For an article I’m working on, I’ve been digging through the literature on sarcopenia, the age-related loss of muscle mass that most of us face starting in our 30s. I’ve found several conflicting estimates of how much muscle you can expect to lose, with a high end of 1-2% per year starting in your fourth decade (from this paper). That’s a lot more aggressive than I’d expected. I get the sense that it’s one of those problems whose implications we’re just now beginning to grasp — so I was interested to see this article by Andrew Pollack in the New York Times, which offers a good introduction to the topic:
Bears emerge from months of hibernation with their muscles largely intact. Not so for people, who, if bedridden that long, would lose so much muscle they would have trouble standing.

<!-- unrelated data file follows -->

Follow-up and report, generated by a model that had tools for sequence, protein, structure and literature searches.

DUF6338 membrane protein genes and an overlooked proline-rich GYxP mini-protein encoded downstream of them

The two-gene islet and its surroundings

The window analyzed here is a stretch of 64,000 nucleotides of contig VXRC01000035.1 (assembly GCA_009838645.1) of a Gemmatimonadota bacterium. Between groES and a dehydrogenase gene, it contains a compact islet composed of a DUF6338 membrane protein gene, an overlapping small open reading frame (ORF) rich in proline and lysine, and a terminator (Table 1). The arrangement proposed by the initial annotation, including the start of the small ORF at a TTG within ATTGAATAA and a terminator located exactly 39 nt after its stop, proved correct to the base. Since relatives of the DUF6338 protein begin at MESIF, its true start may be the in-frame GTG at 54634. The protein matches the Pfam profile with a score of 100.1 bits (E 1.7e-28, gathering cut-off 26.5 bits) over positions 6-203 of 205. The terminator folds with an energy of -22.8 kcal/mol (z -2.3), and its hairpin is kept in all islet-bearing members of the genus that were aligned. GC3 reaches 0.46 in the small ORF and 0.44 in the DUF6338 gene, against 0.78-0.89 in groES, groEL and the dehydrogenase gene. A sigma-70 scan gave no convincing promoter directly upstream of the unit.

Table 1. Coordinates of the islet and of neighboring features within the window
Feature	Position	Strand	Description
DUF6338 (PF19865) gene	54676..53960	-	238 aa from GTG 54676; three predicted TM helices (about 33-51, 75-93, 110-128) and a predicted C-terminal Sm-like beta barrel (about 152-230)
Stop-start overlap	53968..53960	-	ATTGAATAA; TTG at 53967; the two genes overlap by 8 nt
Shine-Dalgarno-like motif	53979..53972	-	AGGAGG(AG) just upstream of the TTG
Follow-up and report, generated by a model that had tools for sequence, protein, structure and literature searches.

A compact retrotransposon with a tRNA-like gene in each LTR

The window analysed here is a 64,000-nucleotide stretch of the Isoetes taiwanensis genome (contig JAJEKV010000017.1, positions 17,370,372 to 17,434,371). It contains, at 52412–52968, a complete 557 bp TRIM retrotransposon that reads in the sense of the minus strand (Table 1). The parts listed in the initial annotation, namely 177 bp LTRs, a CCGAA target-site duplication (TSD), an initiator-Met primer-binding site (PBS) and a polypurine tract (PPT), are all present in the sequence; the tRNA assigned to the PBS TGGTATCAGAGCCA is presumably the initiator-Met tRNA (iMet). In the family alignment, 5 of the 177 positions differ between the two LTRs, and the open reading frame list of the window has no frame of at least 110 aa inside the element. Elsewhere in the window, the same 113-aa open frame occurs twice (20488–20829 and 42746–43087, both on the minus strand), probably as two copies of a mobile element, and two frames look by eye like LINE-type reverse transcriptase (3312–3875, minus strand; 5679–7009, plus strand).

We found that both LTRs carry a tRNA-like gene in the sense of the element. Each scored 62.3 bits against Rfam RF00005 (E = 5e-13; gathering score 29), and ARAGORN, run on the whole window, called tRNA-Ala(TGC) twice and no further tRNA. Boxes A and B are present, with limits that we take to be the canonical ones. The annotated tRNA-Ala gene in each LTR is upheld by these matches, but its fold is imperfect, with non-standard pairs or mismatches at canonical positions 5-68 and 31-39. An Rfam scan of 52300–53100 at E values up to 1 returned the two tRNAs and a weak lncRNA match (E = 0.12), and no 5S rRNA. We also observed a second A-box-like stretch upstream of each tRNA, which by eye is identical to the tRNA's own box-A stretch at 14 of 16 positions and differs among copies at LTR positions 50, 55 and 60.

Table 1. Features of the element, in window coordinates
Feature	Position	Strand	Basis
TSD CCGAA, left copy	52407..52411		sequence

Why muscles wither with age is captivating a growing number of scientists, drug and food companies, let alone aging baby boomers who, despite having spent years sweating in the gym, are confronting the body’s natural loss of muscle tone over time.
Comparisons between age groups underline the muscle disparity: An 80-year-old might have 30 percent less muscle mass than a 20-year-old. And strength declines even more than mass…
Much of the article focuses on attempts to agree on a clinical definition of the condition — which would then make it possible for drugmakers to win approval from regulators for drugs to treat it. But the key point for me is:
Researchers involved in the effort say doctors and patients need to be more aware that muscle deterioration is a major reason the elderly lose mobility and cannot live independently.
In other words, I need to start doing my push-ups again. Soon.